Volume 554, June 2013
|Number of page(s)||9|
|Published online||11 June 2013|
The hydrodynamics of astrophysical jets: scaled experiments and numerical simulations
1 Dipartimento di Scienze e Tecnologie Aerospaziali, Politecnico di Milano, 20156 Milano, Italy
2 Dipartimento di Fisica, Università degli Studi di Torino, via Pietro Giuria 1, 10125 Torino, Italy
3 Dipartimento di Ingegneria Meccanica e Aerospaziale, Politecnico di Torino, 10129 Torino, Italy
4 Retired, formerly Dipartimento di Ingegneria Aerospaziale, Politecnico di Milano, 20156 Milano, Italy
Received: 4 January 2013
Accepted: 12 April 2013
Context. In this paper we study the propagation of hypersonic hydrodynamic jets (Mach number >5) in a laboratory vessel and make comparisons with numerical simulations of axially symmetric flows with the same initial and boundary conditions. The astrophysical context is that of the jets originating around young stellar objects (YSOs).
Aims. In order to gain a deeper insight into the phenomenology of YSO jets, we performed a set of experiments and numerical simulations of hypersonic jets in the range of Mach numbers from 10 to 20 and for jet-to-ambient density ratios from 0.85 to 5.4, using different gas species and observing jet lengths of the order of 150 initial radii or more. Exploiting the scalability of the hydrodynamic equations, we intend to reproduce the YSO jet behaviour with respect to jet velocity and elapsed times. In addition, we can make comparisons between the simulated, the experimental, and the observed morphologies.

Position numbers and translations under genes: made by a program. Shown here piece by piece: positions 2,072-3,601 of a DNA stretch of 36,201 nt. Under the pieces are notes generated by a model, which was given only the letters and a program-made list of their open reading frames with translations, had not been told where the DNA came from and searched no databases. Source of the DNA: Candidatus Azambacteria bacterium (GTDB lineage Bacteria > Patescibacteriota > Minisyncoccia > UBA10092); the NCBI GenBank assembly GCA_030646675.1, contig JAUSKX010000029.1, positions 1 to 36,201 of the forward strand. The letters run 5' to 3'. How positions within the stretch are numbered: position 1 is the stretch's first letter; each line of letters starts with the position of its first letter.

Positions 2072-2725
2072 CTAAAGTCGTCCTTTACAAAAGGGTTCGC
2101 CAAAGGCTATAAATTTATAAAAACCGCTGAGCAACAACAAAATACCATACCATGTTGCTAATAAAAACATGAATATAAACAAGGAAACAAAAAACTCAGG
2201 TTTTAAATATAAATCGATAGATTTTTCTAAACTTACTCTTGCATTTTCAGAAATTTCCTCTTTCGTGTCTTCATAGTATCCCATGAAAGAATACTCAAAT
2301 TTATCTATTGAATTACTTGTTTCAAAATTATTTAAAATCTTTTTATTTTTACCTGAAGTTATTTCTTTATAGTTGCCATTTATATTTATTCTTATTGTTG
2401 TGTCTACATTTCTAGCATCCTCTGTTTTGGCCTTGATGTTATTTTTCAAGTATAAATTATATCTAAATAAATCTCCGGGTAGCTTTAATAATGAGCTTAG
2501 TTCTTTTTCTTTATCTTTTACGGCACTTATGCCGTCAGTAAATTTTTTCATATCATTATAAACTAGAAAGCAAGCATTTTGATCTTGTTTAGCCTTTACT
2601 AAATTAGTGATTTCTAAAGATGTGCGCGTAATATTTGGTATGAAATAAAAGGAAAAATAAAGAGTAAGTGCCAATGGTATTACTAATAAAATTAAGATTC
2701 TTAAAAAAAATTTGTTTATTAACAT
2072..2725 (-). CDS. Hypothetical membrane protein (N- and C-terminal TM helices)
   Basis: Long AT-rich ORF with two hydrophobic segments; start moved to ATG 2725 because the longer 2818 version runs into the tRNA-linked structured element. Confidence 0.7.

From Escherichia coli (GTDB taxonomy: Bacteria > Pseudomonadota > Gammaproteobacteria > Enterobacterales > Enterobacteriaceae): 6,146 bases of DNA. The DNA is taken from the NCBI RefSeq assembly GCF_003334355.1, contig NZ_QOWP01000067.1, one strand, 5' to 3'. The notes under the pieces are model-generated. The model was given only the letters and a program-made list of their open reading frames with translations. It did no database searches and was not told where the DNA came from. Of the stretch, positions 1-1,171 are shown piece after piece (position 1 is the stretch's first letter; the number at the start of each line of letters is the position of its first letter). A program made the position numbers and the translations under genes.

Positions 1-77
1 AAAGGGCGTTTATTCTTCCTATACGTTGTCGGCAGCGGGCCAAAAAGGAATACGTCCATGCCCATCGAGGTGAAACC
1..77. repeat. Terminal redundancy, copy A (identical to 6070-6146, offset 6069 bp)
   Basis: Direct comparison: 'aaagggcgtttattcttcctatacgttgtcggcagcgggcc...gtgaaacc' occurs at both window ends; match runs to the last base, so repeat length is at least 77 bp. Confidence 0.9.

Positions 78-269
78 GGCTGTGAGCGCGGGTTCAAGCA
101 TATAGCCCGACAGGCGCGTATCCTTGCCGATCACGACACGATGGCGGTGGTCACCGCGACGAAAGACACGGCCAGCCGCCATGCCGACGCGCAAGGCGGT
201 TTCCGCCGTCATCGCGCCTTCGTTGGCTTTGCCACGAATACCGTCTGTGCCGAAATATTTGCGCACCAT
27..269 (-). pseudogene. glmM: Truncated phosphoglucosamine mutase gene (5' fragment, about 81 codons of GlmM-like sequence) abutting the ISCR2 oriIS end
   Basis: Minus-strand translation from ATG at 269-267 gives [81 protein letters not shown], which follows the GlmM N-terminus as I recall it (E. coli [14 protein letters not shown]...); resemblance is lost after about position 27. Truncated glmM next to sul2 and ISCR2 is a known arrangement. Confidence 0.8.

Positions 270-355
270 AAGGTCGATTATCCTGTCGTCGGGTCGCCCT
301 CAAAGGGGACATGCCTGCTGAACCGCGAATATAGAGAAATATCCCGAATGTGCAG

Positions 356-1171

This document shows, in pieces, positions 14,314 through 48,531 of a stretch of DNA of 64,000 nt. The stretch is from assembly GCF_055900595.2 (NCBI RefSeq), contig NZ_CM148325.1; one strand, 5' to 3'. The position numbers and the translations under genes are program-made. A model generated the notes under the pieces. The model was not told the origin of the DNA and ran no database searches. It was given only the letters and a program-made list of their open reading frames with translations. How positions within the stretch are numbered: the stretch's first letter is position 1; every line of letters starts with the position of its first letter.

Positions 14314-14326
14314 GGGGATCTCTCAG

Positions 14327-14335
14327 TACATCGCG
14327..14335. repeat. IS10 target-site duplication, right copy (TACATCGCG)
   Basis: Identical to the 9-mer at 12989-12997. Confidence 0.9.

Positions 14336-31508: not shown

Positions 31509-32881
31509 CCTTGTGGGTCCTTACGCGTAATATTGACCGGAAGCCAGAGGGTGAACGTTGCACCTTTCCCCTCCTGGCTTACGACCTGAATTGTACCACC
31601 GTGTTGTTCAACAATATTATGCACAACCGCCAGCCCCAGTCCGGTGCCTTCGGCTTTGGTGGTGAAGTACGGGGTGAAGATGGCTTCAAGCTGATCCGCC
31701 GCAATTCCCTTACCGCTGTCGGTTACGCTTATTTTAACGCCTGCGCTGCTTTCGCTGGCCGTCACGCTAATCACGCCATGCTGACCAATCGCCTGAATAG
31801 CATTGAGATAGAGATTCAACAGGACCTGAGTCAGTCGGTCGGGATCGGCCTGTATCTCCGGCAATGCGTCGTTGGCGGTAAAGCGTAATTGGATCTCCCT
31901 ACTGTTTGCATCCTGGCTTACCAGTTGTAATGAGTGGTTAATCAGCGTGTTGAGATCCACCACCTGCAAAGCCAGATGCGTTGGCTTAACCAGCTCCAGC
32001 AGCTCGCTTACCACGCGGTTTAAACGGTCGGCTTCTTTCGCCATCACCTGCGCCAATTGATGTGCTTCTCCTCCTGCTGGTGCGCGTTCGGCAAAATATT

Methods. In the experiments the gas pressure and temperature are increased by a fast, quasi-isentropic compression by means of a piston system operating on a time scale of tens of milliseconds, while the gas density is visualized and measured by means of an electron beam system. We used the PLUTO software for the numerical solution of mixed hyperbolic/parabolic conservation laws targeting high Mach number flows in astrophysical fluid dynamics. We considered axisymmetric initial conditions and carried out numerical simulations in cylindrical geometry. The code has a modular flexible structure whereby different numerical algorithms can be separately combined to solve systems of conservation laws using the finite volume or finite difference approach based on Godunov-type schemes.
Results. The agreement between experiments and numerical simulations is fairly good in most of the comparisons. The resulting scaled flow velocities and elapsed times are close to the ones shown by observations. The morphologies of the density distributions agree with the observed ones as well.
Conclusions. The laboratory and the simulated hypersonic jets are all pressure matched, i.e. their axial regions are almost isentropic at the nozzle exit. They maintain their collimation for long distances in terms of the initial jet radii, without including magnetic confinement effects. This yields a qualitatively good agreement with the observed YSO jet morphologies. It remains to be seen what happens when non-axially symmetric perturbations of the flow are imposed at the nozzle, both in the experiment and in the simulation.
Key words: ISM: jets and outflows / hydrodynamics / stars: winds, outflows / Herbig-Haro objects / shock waves
© ESO, 2013
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